by Jennie Ruby
The writing I was doing in school was essay writing. Essay writing can be a kind of exploratory writing, where you write in order to develop what you think about a topic. Seldom do you already have a well-thought-out, logical schema in your head of why you hold the opinions you hold. Essay writing is a method of clarifying what you think and why you think it. No wonder I could not outline in advance.
Writing training materials is a completely different matter. The first time I was assigned to write an outline for a two-day class, I was terrified. I knew I was not an outline writer. But I sat down and created the outline with very little trouble. Training materials lend themselves to pre-outlining. It is fairly straightforward to decide what needs to be covered first, second, and third because the learning topics build on one another. In fact, writing without an outline on these kinds of materials can get you into a bind: I learned the hard way that it is very difficult to teach the difference between who and whom before you have covered what is a relative clause.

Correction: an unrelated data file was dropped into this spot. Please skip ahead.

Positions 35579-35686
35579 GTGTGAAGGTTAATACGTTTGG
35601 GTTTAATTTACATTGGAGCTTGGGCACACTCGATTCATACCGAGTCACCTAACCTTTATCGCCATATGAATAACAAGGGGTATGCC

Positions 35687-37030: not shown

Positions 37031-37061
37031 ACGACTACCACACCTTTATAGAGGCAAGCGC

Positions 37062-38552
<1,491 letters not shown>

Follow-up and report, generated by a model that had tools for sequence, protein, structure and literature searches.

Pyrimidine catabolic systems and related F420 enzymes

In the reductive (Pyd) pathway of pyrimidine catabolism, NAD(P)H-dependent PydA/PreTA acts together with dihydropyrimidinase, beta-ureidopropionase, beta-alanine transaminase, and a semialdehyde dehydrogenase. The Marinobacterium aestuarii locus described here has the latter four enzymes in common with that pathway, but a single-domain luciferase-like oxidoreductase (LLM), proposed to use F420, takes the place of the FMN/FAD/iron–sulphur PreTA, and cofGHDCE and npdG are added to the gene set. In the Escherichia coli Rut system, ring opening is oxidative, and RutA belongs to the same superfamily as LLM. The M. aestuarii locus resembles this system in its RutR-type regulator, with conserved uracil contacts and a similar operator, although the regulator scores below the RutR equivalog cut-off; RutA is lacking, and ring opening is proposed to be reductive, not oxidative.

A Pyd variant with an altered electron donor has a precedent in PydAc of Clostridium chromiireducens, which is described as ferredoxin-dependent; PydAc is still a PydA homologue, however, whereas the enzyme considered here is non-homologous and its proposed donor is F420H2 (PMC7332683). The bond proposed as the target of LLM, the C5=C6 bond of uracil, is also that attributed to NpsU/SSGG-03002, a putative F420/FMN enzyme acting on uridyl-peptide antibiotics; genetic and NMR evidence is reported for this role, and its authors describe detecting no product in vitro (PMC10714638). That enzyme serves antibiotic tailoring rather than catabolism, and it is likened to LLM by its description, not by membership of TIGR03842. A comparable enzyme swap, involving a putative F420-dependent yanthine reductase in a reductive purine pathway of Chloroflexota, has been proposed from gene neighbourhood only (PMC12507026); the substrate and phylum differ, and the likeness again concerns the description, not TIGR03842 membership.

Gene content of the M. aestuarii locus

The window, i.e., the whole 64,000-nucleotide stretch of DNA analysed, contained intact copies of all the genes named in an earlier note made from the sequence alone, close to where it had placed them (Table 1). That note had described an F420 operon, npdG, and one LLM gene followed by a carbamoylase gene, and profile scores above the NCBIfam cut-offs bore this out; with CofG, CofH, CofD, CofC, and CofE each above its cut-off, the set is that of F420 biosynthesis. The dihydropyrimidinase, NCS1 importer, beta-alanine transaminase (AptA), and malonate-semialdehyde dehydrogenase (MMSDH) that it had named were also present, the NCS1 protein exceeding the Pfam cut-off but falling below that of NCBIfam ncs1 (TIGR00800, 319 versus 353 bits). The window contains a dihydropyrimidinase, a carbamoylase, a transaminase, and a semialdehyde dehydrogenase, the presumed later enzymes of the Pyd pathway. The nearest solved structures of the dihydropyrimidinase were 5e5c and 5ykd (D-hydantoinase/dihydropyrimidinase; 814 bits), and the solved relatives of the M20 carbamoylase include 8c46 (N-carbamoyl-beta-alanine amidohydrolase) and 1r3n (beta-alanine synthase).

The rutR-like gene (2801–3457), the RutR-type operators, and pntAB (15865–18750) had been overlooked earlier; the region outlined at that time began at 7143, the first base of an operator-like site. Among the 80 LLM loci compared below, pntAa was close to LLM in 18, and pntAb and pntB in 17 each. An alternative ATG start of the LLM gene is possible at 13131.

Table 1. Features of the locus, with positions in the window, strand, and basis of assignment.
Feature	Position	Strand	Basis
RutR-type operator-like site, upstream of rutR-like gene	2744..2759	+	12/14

So should you outline or not? Yes, for the overall plan of training materials, what will be covered and in what order. Yes, for developing the order of steps to be performed in sequential training materials. Yes, for getting approval of the overall training content from a client. No, for writing essays, opinion pieces, reviews, and the more creative sections of training materials, such as introductory narratives and voiceovers.
Are you an outliner or a non-outliner? We would love to hear from you about your experiences with outlining before writing.
Next time: the beauty of a "reverse outline."
Jennie teaches two classes popular online classes: Writing Effective eLearning Voiceover Scripts and Writing Training Documents and eLearning Scripts.